APA 6th Edition Aleksandrowicz, D. (1998). Integracija, nacionalizam i religija. Politička misao, 35 (4), 90-97. Retrieved from https://hrcak.srce.hr/32214
MLA 8th Edition Aleksandrowicz, Dariusz. "Integracija, nacionalizam i religija." Politička misao, vol. 35, no. 4, 1998, pp. 90-97. https://hrcak.srce.hr/32214. Accessed 3 Apr. 2020.
Chicago 17th Edition Aleksandrowicz, Dariusz. "Integracija, nacionalizam i religija." Politička misao 35, no. 4 (1998): 90-97. https://hrcak.srce.hr/32214
Harvard Aleksandrowicz, D. (1998). 'Integracija, nacionalizam i religija', Politička misao, 35(4), pp. 90-97. Available at: https://hrcak.srce.hr/32214 (Accessed 03 April 2020)
Vancouver Aleksandrowicz D. Integracija, nacionalizam i religija. Politička misao [Internet]. 1998 [cited 2020 April 03];35(4):90-97. Available from: https://hrcak.srce.hr/32214
IEEE D. Aleksandrowicz, "Integracija, nacionalizam i religija", Politička misao, vol.35, no. 4, pp. 90-97, 1998. [Online]. Available: https://hrcak.srce.hr/32214. [Accessed: 03 April 2020]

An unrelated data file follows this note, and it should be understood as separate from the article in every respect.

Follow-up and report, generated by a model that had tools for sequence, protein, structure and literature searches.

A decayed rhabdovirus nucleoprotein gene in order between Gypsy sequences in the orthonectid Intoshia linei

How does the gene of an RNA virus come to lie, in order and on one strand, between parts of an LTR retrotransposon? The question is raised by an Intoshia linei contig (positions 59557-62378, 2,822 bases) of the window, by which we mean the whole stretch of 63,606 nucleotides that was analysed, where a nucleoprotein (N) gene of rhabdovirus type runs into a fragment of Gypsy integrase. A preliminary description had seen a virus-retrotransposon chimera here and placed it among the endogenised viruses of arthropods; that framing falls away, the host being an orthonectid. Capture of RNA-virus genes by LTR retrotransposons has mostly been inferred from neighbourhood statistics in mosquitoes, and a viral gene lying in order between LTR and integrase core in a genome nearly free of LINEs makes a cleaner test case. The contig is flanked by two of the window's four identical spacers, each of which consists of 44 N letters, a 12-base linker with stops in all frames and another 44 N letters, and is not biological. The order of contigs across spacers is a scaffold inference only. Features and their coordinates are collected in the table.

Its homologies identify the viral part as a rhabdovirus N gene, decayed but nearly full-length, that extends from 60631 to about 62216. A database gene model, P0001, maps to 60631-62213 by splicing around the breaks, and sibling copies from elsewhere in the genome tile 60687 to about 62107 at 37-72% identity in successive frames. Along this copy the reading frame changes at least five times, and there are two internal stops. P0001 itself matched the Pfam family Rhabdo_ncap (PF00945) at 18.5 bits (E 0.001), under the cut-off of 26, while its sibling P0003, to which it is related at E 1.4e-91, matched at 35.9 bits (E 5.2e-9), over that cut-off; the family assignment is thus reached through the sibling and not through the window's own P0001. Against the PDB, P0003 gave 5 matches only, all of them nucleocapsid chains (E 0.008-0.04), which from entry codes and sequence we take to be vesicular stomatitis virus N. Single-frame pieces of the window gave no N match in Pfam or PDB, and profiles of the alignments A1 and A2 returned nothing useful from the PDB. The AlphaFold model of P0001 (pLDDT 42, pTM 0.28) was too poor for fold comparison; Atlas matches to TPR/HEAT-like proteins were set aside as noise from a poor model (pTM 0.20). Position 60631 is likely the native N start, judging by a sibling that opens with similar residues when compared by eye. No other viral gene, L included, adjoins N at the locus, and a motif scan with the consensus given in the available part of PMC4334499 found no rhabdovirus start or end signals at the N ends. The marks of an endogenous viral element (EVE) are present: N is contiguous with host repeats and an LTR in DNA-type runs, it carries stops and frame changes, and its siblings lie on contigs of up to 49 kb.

Abstracts In the course of its history, Europe has structured itself by means of two models. The first was based on the territorial expansion of regional forces that used violence to break down the resistance of their weaker neighbors and establish the balance of power. In this way, at least temporarily, the way was paved for more radical changes in their polities. This model was in use until the end of World War II. The second model has been built around European integration. The aim of this process has not been the expansion of regional powers and the territorial conquest of their neighbors; it is based on the initiative of the weak to join the organizations that can satisfy their interests and goals. The process of integration excludes coercive methods. However, there is certain asymmetry in the relationship between the center and the periphery (the strong and the weak). The countries that belong to the center define the membership standards for the 'periphery' and evaluate their implementation. The 'central' countries are in a better position than the peripheral ones since the process of integration bolsters their collective identity, while the weaker states — by accepting the standards of stronger countries — have to alter their original identity.